Now you can read us on your iPhone and iPad! Check out the BTRtoday app.
Despite spouting resistance to my friends who had downloaded Pokemon Go following its release in early July, within a week I was hooked. The game quickly became one of the most frequented applications on my phone, and after initially using my 9-year-old nephew as an excuse to play, soon enough I was off catching ‘em all without him; taking advantage of my office building’s distinction as a PokeStop, I compared my collection with anyone that would listen.
One fateful morning, a few weeks after my initial download, destiny met me right in my own home. After waking up the #millennial way by dutifully and immediately checking my email, Twitter, and Facebook, I opened up Pokemon Go to see if any wayward creatures had stumbled onto my block.
Within seconds, a vibration—a wild Machoke appeared! With the augmented reality feature switched on, the angry gray humanoid stood directly on my mattress, daring me to catch it. Panicked, I flicked Poke Ball after Poke Ball at him, but it was all for naught—after escaping my third toss, Machoke disappeared in a huff of white smoke, and I was left staring at my unkempt bedsheets through my phone.
I proceeded to tell everyone I knew about the encounter and how close I’d come to catching one of my favorite Pokemon. He was right there, I kept saying, right in my own bed, just inches away from me! How could I have blown this so badly?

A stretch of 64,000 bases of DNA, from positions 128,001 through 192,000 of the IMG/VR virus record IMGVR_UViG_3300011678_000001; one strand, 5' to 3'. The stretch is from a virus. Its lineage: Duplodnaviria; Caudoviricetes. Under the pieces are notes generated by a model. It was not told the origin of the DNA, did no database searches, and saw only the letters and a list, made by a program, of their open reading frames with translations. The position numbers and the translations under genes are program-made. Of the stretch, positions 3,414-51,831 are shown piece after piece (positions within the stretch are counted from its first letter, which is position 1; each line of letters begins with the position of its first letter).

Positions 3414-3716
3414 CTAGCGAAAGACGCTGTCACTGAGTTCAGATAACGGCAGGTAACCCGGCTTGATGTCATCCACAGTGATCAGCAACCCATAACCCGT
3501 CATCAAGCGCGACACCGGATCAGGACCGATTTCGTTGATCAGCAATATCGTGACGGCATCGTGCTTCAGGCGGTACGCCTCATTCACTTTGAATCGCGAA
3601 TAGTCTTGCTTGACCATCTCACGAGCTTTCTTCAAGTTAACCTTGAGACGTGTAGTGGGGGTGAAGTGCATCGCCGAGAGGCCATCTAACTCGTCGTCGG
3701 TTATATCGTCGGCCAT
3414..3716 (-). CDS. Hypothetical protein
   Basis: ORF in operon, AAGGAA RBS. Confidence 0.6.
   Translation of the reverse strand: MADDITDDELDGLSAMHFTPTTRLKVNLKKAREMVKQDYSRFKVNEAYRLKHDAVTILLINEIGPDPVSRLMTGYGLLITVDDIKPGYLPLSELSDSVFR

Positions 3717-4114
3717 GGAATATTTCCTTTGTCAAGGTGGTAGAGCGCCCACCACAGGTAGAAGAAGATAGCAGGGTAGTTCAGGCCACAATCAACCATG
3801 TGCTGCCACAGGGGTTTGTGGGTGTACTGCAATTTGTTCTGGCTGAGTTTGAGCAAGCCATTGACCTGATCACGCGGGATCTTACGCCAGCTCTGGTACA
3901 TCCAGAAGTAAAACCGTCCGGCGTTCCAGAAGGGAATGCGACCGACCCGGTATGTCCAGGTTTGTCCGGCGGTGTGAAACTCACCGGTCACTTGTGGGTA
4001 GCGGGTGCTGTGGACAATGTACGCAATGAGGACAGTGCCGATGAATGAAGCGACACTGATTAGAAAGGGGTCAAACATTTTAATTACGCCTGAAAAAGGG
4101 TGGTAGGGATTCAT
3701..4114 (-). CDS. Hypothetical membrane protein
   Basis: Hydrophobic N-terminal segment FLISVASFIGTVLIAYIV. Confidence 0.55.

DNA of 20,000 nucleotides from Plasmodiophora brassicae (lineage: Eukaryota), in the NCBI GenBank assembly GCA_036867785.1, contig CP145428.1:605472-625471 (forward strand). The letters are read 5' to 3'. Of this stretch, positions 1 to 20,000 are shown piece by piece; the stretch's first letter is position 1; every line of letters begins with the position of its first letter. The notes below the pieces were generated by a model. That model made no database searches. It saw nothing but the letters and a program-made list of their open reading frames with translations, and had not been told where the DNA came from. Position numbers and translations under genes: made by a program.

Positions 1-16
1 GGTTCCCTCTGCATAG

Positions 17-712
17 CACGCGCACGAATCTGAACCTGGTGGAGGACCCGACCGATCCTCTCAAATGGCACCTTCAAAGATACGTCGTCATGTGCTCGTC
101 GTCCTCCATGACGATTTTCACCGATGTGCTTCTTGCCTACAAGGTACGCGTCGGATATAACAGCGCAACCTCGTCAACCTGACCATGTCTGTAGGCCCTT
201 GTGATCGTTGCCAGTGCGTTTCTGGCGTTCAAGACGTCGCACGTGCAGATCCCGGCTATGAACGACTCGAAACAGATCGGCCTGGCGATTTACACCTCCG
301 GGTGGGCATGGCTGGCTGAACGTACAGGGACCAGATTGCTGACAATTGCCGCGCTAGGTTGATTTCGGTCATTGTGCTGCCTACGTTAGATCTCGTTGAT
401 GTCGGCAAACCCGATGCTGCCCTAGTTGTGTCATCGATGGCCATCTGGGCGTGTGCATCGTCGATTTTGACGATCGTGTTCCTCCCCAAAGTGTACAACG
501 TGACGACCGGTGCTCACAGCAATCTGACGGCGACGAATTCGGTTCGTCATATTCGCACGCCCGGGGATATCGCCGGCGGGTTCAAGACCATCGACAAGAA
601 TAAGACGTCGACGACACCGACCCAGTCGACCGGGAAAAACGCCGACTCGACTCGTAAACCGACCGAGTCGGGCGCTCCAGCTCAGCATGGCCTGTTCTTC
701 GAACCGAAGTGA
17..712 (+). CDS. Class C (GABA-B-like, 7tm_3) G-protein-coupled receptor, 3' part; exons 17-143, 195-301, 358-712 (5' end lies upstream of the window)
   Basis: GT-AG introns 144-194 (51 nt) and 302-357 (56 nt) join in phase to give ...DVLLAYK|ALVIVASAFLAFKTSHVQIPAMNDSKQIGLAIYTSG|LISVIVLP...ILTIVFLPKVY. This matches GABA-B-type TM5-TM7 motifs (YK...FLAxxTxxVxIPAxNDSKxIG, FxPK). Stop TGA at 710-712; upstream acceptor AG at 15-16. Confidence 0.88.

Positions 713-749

The disappointment of the chase had left me weary, but once I navigated the throes of those deep-seated Pokemon-based emotions, I realized the obvious—it hadn’t been a chase at all. The Machoke had simply popped up right in front of me, so close I could see my own bare feet through the camera.
That was the day I started thinking about Pokemon Go differently. Like many, I’d read the stories that began cropping up soon after its introduction—burglars using the game’s geolocation feature to target innocent players in Missouri, an 18-year-old Guatemalan kid shot to death after breaking into a home while playing. There were dozens of stories like this, coupled with think-pieces exposing clear flaws and asking pertinent questions about Pokemon Go’s overarching design, chief among them: can an imaginary world exist, in plain and seemingly tangible view, inside of our real one?
Aside from the obvious threat of bodily harm that could result from playing—so obvious, in fact, that Pokemon Go developers added a warning that displays each time the game is opened—the presence of augmented reality presents a new frontier of privacy concerns, mainly to do with personal data on smartphones.
While incredibly useful—and at his point, almost impossible to live without—smartphones are treasure troves of information and data for third party advertisers and, of course, the government. Parker Higgins, activist and director of copyright activism for the Electronic Frontier Foundation (EFF), explains that location-based applications like Pokemon Go only exacerbate data plunder, with geolocation serving as the foundation upon which such games are built.
“If you keep the app open, you give another third party a pretty constant flow of your location and activity,” he says. “That presents obvious problems, and depending on what your threat model is, the fact that a private company has all that data, whatever they’re doing with it, that can be problematic.”